Philadelphia City Council introduces Domestic Worker Bill of Rights
If passed in the fall, the landmark legislation will make Philadelphia the largest city in the U.S. to extend labor rights to domestic workers.
On June 20, Philadelphia celebrated International Domestic Workers Day by marking the introduction of legislation into City Council that would extend legal protection to the city’s close to 16,000 nannies, housekeepers, and caretakers.
The Domestic Worker Bill of RIghts, put forth by the Pennsylvania Domestic Workers Alliance (PDWA), was written by workers alongside a legal team from Community Legal Services. It is currently supported by more than 40 unions and organizations, and has Councilwoman María Quiñones-Sánchez as its prime legislative sponsor.
Domestic workers and PDWA leaders María del Carmen Díaz and Betania Shephard each spoke at the press conference outside of City Hall which marked the introduction of the legislation and a City Council resolution honoring domestic workers. They highlighted the importance of the bill, and the impact it will have for the tens of thousands of domestic workers in the city, the majority of whom are women of color, and many of whom are immigrants.
“The bill of rights we’re introducing today contains everything that we need,” said del Carmen Díaz.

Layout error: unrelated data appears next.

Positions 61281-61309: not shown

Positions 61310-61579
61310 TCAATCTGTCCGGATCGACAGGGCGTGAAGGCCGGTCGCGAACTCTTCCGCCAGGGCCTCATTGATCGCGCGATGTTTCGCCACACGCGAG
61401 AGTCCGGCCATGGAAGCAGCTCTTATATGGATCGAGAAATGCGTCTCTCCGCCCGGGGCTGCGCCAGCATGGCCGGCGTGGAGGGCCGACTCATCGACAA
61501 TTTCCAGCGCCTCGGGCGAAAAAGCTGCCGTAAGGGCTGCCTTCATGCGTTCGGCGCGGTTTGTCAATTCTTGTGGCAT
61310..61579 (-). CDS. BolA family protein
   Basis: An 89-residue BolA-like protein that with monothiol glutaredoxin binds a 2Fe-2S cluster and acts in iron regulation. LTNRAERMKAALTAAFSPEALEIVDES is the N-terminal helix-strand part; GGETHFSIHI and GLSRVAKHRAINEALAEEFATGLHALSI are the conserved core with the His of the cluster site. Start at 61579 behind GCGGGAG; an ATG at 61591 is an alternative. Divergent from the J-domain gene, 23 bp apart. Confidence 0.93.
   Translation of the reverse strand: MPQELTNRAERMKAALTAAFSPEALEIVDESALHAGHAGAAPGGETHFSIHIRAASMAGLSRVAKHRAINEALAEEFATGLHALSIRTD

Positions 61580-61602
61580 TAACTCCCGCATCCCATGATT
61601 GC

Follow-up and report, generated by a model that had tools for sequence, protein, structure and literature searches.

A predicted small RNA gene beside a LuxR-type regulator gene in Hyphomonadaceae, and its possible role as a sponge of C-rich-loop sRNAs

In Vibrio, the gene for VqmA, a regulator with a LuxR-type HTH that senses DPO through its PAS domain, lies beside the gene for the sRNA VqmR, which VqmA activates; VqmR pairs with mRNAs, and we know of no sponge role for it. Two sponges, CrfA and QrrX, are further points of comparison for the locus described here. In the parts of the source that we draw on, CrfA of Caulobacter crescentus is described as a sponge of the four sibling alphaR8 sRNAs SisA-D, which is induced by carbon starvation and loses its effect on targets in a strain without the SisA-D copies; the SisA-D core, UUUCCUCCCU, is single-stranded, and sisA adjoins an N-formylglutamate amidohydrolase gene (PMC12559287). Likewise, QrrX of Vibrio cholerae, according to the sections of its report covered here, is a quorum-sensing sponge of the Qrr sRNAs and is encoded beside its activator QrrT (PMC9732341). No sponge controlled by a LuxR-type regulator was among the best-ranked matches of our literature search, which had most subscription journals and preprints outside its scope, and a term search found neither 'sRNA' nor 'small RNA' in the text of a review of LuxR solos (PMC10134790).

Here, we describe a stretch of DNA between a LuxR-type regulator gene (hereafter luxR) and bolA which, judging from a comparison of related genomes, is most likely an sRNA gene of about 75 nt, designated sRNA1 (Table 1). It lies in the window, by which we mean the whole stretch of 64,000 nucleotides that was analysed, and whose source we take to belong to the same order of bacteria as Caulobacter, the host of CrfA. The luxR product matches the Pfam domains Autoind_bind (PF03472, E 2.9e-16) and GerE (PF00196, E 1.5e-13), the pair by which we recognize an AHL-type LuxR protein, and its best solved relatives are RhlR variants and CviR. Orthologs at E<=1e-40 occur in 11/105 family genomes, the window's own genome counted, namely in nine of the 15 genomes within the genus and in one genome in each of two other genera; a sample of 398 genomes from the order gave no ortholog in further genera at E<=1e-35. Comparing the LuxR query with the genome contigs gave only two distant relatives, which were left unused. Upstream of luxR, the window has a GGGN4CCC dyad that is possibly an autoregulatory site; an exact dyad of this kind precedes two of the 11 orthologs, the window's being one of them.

The labor rights extended to domestic workers in the legislation include written agreements, minimum wage, paid overtime and sick days, advanced scheduling notice, freedom from harassment and discrimination, and benefits, among other protections related to civil rights, health, and safety.
The bill also stipulates the need for a board which would include members that are domestic workers and work to ensure that employers follow the law and abide by all regulations.
Kim Huynh, community organizer with the Pennsylvania Domestic Workers Alliance, said that the bill itself, if passed when City Council returns to its session in the fall, will be “one of the strongest standard-setting bills across the country in the domestic worker industry.”
Philadelphia will become the largest city in the country to have passed a labor rights bill specifically for domestic workers, joining the city of Seattle and nine states who have already passed similar legislation.
Quiñones-Sánchez lauded the bravery of the domestic workers who shared their stories at a hearing on the bill in City Council’s Labor and Civil Service Committee on April 8.
“Their work, caring for our most vulnerable communities, whether it’s our young children or our elders, finally will be recognized,” she said.
The mood was celebratory, but workers, advocates, and politicians alike pointed to the enforcement of the law, once it is passed, as being key to its success.
Shephard, a domestic worker from the Dominican Republic who has been one of the leaders in PDWA, said she has faith that the bill of rights will prove effective.
“Now we’re going to have reinforcement, a support, so if someone wants to do something, we don’t have to put up with them just because we need the money. Because now it’s a legal thing. If they commit an abuse, well, they’re going to have to face consequences,” said Shephard.
City Council will vote on the bill when it returns to session after the summer recess in September.
This article is part of Broke in Philly, a collaborative reporting project among more than 20 news organizations, focused on economic mobility in Philadelphia. Read all of our reporting at brokeinphilly.org.